2013 Maple Syrup Monitoring Program Results Summary


The Ontario Ministry of Agriculture and Food and Ministry of Rural Affairs (OMAF and MRA) conduct an annual Maple Syrup Monitoring Program to monitor compliance on Ontario maple syrup under Ontario Regulation 119/11 (O. Reg. 119/11) of the Food Safety and Quality Act, 2001.

In 2013, the ministry collected 150 maple syrup samples, from 149 different maple syrup operations. All samples were produced in Ontario during the 2013 season and were collected from retail and farm gate locations across the province.

Samples are analyzed for:

  • lead residues
  • density (Brix)
  • light transmission

Ministry staff also review product labels to determine if they include the required information for maple syrup under O. Reg. 119/11.

Lead Analysis

All 150 samples were analysed for the presence of lead. Levels detected were compared to the maximum guideline of 0.5 parts per million (ppm) set by Health Canada.

Of the 150 samples tested, five samples (three per cent) contained lead levels above the maximum Health Canada guideline of 0.5 ppm.

When lead levels exceed 0.5 ppm, the producer and Canadian Food Inspection Agency (CFIA) are immediately notified. The CFIA is responsible for conducting risk assessments of the products, and determining if a recall is required. One public recall was issued as a result of these findings. OMAF and MRA also respond by conducting additional sampling, conducting an on-site visit, and/or providing education and information to the producer to prevent recurrence.

The ministry also sends information letters to producers with lead levels between 0.25 ppm and 0.49 ppm. One information letter was sent in the 2013 season.

Table 1: Summary of Lead Results 2007-2013

Year # Samples Lead at or above 0.5 ppm (# / %)
2013
150
5 / 3%
2012
150
2 / 1%
2011
197
2 / 1 %
2010
248
4 / 2%
2009
337
4 / 1%
2008
339
7 / 2%
2007
427
11 / 3%
Total
1848
35 / 2%

Density

O. Reg. 119/11 of the Food Safety and Quality Act, 2001 requires that the percentage of dissolved solids in syrup, or Brix level, be at least 66 per cent.

Of the 150 samples tested, 141 (94 per cent) had Brix levels equal to or greater than the minimum requirement.

Producers with Brix levels below the minimum requirement are first issued a warning letter. Progressive compliance tools may be used in cases of repeated non-compliance.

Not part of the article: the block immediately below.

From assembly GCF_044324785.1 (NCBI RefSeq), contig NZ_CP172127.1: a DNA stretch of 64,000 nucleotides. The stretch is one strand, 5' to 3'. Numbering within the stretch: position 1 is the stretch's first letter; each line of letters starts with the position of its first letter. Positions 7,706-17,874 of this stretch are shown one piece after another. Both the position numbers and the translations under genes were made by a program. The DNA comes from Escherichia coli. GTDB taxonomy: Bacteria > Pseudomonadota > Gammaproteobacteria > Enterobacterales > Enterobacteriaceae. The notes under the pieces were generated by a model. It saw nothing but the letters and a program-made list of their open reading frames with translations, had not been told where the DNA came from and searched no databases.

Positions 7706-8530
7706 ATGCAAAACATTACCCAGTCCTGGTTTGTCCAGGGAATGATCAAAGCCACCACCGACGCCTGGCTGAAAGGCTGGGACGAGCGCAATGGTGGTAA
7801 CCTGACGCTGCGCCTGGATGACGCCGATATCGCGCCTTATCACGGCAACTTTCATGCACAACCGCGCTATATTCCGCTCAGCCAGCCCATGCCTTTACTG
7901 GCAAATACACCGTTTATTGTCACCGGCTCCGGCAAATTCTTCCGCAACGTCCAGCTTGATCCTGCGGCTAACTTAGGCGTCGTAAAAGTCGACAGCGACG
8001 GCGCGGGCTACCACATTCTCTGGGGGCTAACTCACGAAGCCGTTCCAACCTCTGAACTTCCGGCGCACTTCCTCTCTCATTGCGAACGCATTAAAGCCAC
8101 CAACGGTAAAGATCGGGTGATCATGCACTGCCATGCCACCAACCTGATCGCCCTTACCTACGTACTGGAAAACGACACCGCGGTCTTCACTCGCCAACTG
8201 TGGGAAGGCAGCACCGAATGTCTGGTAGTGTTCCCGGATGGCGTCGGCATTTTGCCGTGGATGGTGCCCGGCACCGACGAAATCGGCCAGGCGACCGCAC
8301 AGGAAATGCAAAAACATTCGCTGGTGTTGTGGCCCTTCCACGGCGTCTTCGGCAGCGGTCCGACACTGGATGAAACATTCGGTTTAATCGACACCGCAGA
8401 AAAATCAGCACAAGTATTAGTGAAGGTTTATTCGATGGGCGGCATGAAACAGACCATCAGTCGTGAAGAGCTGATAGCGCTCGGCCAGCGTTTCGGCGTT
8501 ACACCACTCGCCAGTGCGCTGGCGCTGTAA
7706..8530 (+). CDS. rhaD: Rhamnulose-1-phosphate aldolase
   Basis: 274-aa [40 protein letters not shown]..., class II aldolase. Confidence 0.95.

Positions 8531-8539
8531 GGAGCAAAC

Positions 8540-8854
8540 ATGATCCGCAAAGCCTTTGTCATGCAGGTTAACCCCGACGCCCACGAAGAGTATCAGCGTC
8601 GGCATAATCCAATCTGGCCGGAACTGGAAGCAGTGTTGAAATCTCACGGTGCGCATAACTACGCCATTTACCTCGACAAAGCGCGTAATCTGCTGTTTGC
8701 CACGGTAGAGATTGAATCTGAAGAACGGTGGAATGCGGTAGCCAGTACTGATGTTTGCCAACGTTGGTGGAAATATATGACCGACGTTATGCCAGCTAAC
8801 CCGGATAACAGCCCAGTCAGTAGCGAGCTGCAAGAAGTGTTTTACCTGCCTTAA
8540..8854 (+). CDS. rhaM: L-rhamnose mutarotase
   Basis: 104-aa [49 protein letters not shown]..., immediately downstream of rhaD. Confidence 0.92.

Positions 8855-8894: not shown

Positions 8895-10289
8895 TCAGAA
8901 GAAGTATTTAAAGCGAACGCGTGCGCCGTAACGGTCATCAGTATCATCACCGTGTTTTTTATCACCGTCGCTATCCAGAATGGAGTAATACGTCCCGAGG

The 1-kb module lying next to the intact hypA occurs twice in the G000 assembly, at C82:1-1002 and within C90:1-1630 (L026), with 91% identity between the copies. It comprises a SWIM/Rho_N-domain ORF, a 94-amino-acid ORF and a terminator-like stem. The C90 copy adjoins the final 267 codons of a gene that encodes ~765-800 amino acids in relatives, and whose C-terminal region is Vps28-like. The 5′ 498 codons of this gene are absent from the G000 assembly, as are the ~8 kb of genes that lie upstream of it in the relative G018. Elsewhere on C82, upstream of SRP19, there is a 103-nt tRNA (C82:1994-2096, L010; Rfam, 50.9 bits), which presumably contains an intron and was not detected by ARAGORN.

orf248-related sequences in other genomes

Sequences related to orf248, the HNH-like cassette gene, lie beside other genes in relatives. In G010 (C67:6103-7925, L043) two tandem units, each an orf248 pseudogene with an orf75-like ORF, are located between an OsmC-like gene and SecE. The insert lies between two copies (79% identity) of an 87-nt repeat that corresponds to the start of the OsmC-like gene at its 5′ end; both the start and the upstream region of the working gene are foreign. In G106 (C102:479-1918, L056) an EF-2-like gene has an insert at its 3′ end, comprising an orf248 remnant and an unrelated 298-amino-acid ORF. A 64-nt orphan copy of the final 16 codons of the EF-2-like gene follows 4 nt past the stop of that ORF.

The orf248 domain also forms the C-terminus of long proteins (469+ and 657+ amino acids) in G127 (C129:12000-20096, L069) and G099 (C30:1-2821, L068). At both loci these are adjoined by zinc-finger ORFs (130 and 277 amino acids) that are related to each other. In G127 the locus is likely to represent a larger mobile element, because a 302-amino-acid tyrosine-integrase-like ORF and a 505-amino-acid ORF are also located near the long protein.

Light Transmission

O. Reg. 119/11 requires that maple syrup offered for sale is labelled with the class and the grade of the syrup. All 150 samples were assessed to determine if they were labelled with the correct colour class.

Of the 150 samples collected, 135 (90 per cent) had a colour class indicated on the label. Laboratory analysis showed that 92 (68 per cent) of these were labelled with the correct colour class.

Producers with incorrect colour class on their label are first sent information letters and educational materials. Progressive compliance tools may be used in cases of repeated non-compliance.

Label Review

OMAF and MRA review product labels to determine if they meet labelling requirements set out in O. Reg. 119/11. Refer to the Infosheet "Label Requirements for Maple Syrup Products in Ontario" for a summary of label requirements.

Of the 150 labels reviewed:

  • 116 (77 per cent) were fully compliant with all of the required label requirements
  • 34 (23 per cent) had at least one component missing
  • 2 samples did not have any label at all

The ministry first sends education letters and material to producers who do not meet labelling requirements. Progressive compliance tools may be used in cases of repeated non-compliance.

Table 2: Summary of Missing Label Information

Label Information Number of samples Per cent of samples
No. of labels reviewed
150
All requirements present
116
77%
"Maple Syrup" missing
2
1%
Volume missing
10
7%
Grade missing
15
10%
Colour missing
15
9%
Name or complete address missing
21
14%

Progressive Compliance

OMAF and MRA take a progressive compliance approach when dealing with regulatory non-compliance. The first stage is education and advice. For instances of continuing non-compliance, other tools may be used such as compliance orders, detention or seizure of product and as a last resort, court orders.

Tools used are based on the level of risk associated with the non-compliant issue and the producer's history of non-compliance.

References

This document is provided for information purposes only. Please refer to the regulation for complete requirements. Ontario Regulation 119/11 can be found at www.e-laws.gov.on.ca

Results from this program are not statistically valid and cannot be used to make generalizations about the state of industry.


For more information:
Toll Free: 1-877-424-1300
E-mail: ag.info.omafra@ontario.ca
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